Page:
4. Sellafield and Leukemia
Mar. 22, 2013
Chapter 5: Britain and France
Part 1: The Rough Road to Nuclear Supremacy
Part 1: The Rough Road to Nuclear Supremacy
The radioactive material accumulated over the years in water and on the land is not only having drastic effects on the traditional way of life on the Cumbrian coast, but is also threatening the health of the locals, plunging them into a state of panic about leukemia and cancer.
"Mum, I'm going to die, aren't I?" Janine Allis-Smith will never forget the day her son Lee, now aged seventeen, made this sad remark. It was the summer of 1984. Lee was in hospital and had just been told he had leukemia. "You'll be all right. You can fight it," she told him as she sat next to his bed, trying to hide her own fears. The Allis-Smiths live in the village of Broughton Mills in the southwestern part of Cumbria, an area that consists mainly of sheep farms.
"I'm starting to think that maybe it wasn't such a good idea to try and bring the kids up in a natural environment," Mrs. Allis-Smith said ruefully. The family had always spent their summer holidays swimming, fishing, and generally taking it easy at a beach on the Irish Sea coast. Little did they know that only just over a mile away the Sellafield nuclear complex was discharging radioactive waste into the sea.
Lee, a keen sportsman, first began to notice there was something wrong with his health at the end of 1983. In August the following year he broke out in blisters all over his body. He was taken to hospital in Manchester where he was diagnosed as having acute lymphatic leukemia and hospitalized immediately. He went through nine months of intensive treatment until May 1985. At first Janine did not make the connection between her son's illness and radiation from Sellafield. However, as his stay in hospital lengthened into months, she realized that in the same ward there were a number of other children with leukemia. She got talking to their parents and was surprised to find that all the leukemia patients had one thing in common: some connection with the Cumbrian coast. They were all children who had enjoyed swimming and playing on the beach.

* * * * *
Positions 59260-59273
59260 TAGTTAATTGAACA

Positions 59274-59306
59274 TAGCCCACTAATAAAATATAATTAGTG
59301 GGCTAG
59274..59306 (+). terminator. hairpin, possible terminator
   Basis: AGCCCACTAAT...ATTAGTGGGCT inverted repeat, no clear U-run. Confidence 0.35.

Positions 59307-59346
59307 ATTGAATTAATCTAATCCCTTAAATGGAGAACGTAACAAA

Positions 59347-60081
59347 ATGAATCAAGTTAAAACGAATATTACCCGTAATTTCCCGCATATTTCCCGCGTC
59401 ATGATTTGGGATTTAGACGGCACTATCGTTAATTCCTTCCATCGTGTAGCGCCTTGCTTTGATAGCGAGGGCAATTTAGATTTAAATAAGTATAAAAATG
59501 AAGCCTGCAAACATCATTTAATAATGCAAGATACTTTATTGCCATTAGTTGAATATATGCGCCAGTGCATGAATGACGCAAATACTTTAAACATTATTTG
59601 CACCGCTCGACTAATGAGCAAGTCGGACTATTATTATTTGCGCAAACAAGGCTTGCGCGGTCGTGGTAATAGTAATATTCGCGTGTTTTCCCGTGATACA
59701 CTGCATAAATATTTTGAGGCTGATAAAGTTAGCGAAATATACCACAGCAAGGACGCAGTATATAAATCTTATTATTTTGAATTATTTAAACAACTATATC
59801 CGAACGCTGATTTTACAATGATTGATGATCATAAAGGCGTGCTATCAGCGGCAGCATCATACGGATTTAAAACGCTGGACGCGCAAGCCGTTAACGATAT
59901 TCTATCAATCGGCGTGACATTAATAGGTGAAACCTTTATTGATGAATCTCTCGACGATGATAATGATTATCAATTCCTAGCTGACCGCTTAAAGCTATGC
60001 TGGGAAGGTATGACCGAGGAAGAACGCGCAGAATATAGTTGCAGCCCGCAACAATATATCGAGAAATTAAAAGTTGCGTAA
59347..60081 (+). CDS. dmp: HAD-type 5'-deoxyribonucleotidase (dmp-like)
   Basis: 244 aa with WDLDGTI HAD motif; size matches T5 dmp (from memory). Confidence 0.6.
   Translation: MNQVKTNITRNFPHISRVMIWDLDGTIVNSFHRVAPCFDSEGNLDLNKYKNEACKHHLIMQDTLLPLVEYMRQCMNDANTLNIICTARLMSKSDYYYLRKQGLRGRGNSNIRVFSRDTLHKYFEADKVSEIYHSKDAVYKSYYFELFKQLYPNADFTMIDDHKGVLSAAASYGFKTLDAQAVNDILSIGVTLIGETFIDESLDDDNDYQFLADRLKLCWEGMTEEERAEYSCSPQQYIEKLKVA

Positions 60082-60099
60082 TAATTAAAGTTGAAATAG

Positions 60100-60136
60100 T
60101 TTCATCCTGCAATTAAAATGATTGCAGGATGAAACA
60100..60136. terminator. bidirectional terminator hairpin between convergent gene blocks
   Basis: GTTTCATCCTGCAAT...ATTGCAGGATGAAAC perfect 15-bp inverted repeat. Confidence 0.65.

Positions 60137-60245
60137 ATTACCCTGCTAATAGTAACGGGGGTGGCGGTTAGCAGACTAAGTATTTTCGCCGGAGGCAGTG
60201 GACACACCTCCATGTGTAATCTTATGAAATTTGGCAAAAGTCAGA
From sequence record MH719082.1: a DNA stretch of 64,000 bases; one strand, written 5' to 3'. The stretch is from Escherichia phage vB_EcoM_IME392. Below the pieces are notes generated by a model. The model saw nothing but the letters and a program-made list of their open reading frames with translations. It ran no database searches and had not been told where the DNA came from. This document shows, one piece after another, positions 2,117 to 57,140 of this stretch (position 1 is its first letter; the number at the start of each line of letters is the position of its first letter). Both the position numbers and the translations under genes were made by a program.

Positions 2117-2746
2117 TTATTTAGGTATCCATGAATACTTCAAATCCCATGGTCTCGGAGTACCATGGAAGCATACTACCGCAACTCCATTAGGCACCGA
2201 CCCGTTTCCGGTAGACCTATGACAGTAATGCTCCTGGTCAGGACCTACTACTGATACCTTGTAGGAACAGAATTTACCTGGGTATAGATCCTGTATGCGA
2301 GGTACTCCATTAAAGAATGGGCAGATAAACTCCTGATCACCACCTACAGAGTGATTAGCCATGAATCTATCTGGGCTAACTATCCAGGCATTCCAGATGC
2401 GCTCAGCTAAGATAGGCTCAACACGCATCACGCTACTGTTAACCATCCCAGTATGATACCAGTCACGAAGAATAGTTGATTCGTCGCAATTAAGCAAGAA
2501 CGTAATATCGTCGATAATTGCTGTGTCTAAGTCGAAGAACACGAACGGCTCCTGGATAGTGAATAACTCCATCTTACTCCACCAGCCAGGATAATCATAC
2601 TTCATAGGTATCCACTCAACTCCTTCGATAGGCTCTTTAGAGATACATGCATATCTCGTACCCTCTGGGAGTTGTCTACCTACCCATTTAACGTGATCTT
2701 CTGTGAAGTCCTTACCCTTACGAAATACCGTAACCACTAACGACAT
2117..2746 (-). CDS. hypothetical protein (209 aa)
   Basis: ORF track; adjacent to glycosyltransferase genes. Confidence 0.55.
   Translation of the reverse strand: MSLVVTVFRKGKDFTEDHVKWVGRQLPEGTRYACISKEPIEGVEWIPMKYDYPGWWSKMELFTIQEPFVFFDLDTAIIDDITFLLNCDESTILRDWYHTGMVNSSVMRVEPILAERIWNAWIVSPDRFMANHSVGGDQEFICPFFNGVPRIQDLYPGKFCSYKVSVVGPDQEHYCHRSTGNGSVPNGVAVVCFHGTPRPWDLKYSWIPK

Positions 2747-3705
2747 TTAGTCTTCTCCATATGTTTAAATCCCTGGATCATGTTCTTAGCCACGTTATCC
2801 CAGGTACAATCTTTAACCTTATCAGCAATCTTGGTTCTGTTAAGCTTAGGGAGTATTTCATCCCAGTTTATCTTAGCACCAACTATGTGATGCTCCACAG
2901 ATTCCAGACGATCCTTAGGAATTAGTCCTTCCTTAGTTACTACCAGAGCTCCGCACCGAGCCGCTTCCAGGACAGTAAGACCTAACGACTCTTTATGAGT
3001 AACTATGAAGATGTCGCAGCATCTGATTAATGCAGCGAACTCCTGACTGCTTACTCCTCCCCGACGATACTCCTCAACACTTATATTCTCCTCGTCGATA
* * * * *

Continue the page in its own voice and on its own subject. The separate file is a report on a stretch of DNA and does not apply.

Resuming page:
Soon after Lee was discharged from hospital his mother followed up on the suspicions which had formed in her mind. By inquiring at the district health authorities and reading what specialist publications had to say about the effects of radiation on the body, she gradually built up a picture of the connection between Sellafield and leukemia. Her next task was a careful investigation of all the leukemia patients in the area and the circumstances surrounding their illnesses, including those children who had already died. To do this, she built up a network of parents of leukemia patients in her spare time, sending out a six-page questionnaire to the parents of any new cases she heard of. The questions were concerned with matters such as parents' health, the mother's pregnancy, the child's everyday habits, the details of their illness, and so on, a total of thirty questions in all. The thirty-five replies she has received so far all point to a connection with the nuclear complex.
"I know there are other patients," she said. "But they have family working at the plant and they're afraid of being laid off, so they don't reply." The thirty-five families who replied are united in their aim to prove in court that their children's illnesses were caused by exposure to radiation from the nuclear facilities at Sellafield. To this end the families applied for legal aid to enable them to sue British Nuclear Fuels (BNF). Their first applications were dismissed, although after an appeal in March 1989, eighteen families were granted financial assistance to go to court. This initial victory has given a great deal of encouragement to Janine Allis-Smith and the other parents, and at the time of writing they were busy gathering and organizing evidence for the case. Their action is the first such case in the world to be filed against a nuclear power plant on behalf of people suffering from leukemia.
"Sellafield has hidden too many things from the public, and it's marvelous to get this opportunity to force BNF to account for their actions in court," Janine told us. "It just makes me so angry when I think of my son and all those children living in fear, never knowing when leukemia is going to strike them down again."